6 things you shouldn’t eat during the Chinese New Year and why!

Certain dishes and vegetables are considered bad luck to eat during Chinese new year time. The symbolism is very important in this way of thinking!

For example, bitter gourd and Chinese sauerkraut, are considered not lucky for their name and meanings, bitterness and sourness in life respectively. Some are because of their shape is not looking fortunate, such as lotus roots – holes everywhere – symbolising leakage – draining.

Things you UNLUCKY to eat during chinese new year

Here is a list of “bad luck food” you might consider avoid eating during the Chinese new year and protect your good luck!


1. Bitter melon: symbolizing bitterness

Bitter melon or bitter gourd (Chinese: 苦瓜, pinyin: ku (3rd tone) gua (1st tone) as says in its name, bad omen predicting bitterness all the year-round!

( The 4 tones in Chinese are 1. ma – — A flat tone. 2. ma – / An upward tone. 3. ma – v Up and down tone! 4. ma – \ a downward sharp tone )

— Barrie wrote this bit ! ;>

2. Chinese sauerkraut: sour and unpleasant

Chinese sauerkraut or suan cai (Chinese: 酸菜,pinyin: suan T1 cai T4) same as bitter gourd, sour, and unpleasant all the year-round!

2 ordering tips if you are eating out for Chinese new year feast

  1. Never order Chinese sauerkraut and stuffed dumplings during Chinese new year time.
  2. If you want to have fish for the Chinese new year feast, try to avoid ordering a sauerkrant flavored fish as shows in the pic below.
  3. So basically nothing sour!

3. Pickles: “poor peoples’ dish”

Pickles (Chinese: 咸菜,pinyin: xian T2 cai T4). Chinese have a complex feeling about pickles, pickles are nice appetizers in everyday life, but during the new year celebration, pickles are seen as too average and are not ‘connected’ with good luck and good fortune.

It is seen as “poor people food”, I guess the logic behind this could be “if you can’t prepare any decent meal and just use smashed up pickles to celebrate the new year, chances are you might not doing very well and according to Chinese Feng Shui philosophy, good energy goes around and so does bad luck and misfortune “. Again – it’s the symbolism that is important!

4. Lotus roots: loopholes and leaking situation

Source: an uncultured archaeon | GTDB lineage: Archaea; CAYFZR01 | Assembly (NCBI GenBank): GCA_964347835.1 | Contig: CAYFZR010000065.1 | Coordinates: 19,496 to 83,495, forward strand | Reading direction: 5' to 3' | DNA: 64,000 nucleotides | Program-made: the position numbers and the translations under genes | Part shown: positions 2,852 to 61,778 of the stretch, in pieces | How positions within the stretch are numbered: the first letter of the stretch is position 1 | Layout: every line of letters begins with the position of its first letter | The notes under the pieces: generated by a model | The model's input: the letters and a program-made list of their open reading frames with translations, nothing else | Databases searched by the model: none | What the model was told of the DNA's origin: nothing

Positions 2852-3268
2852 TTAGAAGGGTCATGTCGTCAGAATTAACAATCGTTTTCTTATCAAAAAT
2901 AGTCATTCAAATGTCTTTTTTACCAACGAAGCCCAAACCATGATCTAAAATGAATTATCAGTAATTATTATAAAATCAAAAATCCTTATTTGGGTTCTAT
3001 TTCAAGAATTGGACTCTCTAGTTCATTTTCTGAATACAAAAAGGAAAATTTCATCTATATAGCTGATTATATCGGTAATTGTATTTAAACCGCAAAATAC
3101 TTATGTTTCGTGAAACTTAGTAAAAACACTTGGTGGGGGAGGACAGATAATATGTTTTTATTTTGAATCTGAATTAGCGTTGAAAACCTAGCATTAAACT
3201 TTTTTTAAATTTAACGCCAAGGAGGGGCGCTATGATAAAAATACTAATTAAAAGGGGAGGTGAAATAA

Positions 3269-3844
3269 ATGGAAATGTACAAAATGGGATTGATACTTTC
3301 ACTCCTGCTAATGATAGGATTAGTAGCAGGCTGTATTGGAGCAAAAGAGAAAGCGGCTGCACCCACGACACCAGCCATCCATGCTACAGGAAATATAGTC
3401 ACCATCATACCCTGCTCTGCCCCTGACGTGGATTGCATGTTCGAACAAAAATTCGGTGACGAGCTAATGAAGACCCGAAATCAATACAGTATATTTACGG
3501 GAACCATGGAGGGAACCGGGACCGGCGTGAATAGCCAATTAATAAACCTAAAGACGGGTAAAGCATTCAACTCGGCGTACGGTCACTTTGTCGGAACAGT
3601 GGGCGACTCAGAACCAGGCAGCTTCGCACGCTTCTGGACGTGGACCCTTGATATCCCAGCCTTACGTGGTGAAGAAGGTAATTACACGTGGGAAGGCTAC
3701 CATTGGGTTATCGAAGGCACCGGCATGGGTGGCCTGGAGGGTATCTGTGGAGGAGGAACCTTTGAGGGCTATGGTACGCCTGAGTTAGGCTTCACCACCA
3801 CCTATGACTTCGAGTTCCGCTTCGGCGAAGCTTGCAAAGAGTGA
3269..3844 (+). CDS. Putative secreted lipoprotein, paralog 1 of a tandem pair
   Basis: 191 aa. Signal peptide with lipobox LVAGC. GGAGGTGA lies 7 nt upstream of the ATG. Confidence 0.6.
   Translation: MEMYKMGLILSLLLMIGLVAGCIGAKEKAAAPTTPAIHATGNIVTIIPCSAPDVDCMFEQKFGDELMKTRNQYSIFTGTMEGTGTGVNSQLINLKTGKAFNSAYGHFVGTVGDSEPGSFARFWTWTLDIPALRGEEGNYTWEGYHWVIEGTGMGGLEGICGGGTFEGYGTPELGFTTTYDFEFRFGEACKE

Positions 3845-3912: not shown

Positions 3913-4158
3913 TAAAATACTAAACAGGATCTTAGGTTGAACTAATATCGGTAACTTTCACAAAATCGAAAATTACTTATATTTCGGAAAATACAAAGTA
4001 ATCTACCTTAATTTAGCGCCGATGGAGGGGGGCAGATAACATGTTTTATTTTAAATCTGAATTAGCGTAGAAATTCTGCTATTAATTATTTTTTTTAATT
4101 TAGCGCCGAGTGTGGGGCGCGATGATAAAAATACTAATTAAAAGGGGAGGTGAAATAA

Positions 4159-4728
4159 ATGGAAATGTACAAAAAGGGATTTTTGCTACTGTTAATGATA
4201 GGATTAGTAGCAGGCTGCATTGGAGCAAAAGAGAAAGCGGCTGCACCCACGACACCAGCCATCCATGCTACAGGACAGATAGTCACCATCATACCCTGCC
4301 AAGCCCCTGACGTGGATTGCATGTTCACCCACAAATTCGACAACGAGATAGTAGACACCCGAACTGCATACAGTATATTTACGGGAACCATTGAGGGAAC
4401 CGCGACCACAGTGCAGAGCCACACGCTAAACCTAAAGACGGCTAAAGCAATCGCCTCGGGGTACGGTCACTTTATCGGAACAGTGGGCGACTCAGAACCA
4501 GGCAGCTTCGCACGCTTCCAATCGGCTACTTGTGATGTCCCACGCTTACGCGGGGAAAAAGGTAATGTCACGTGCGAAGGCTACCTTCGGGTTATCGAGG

Lotus root (Chinese: 莲藕,pinyin: lian2 ou3), is a controversial example. While some people regard lotus root as not lucky food for the Chinese new year as the shape with holes symbolizing money leaking situation, Cantonese consider lotus root a lucky dish symbolizing resourceful and many ways to success, because lotus root has many channels within and well connecting! So, that’s a question of culture and personal choice!

5. Porridge: “poor people food”

Porridge (Chinese: 粥, pinyin: zhou1), similar explanation to pickles, – ‘poor people food’ – meaning less wealth and poverty.

6. Medicine: illness

Eating medicine during the Chinese new year period is not lucky. Bad omen for symbolising illness or poor health condition in the coming year. And so it would be with any medical supplies or equipment, medicines, bandages etc, keep them tucked away in a drawer!

Learn more about things you can and can’t do to bring good luck during Chinese New Year, and the 12 most lucky food to eat during the Chinese new year!


Please bear in mind that all the food mentioned above lucky or not, are interpreted according to Chinese tradition and with the notion of bringing good luck for the new year. In fact, in China, between the north to south, Han people and minority groups, have diverse traditions and concepts about good luck.

The main thing to remember is that good symbols bring good luck!

Traditions are not necessarily facts, the younger generation in China nowadays very much like to eat and order anything to suit their appetite and taste, after all, the top priority of celebrating a new year is to be happy and treat yourself!

See also our pages on Feng Shui!

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2 thoughts on “6 things you shouldn’t eat during the Chinese New Year and why!

    1. Sorry, the things mentioned in this article is pretty much covered all the “unlucky” food subject, but thanks for reading, we will keep doing other Chinese food-related content in the future.

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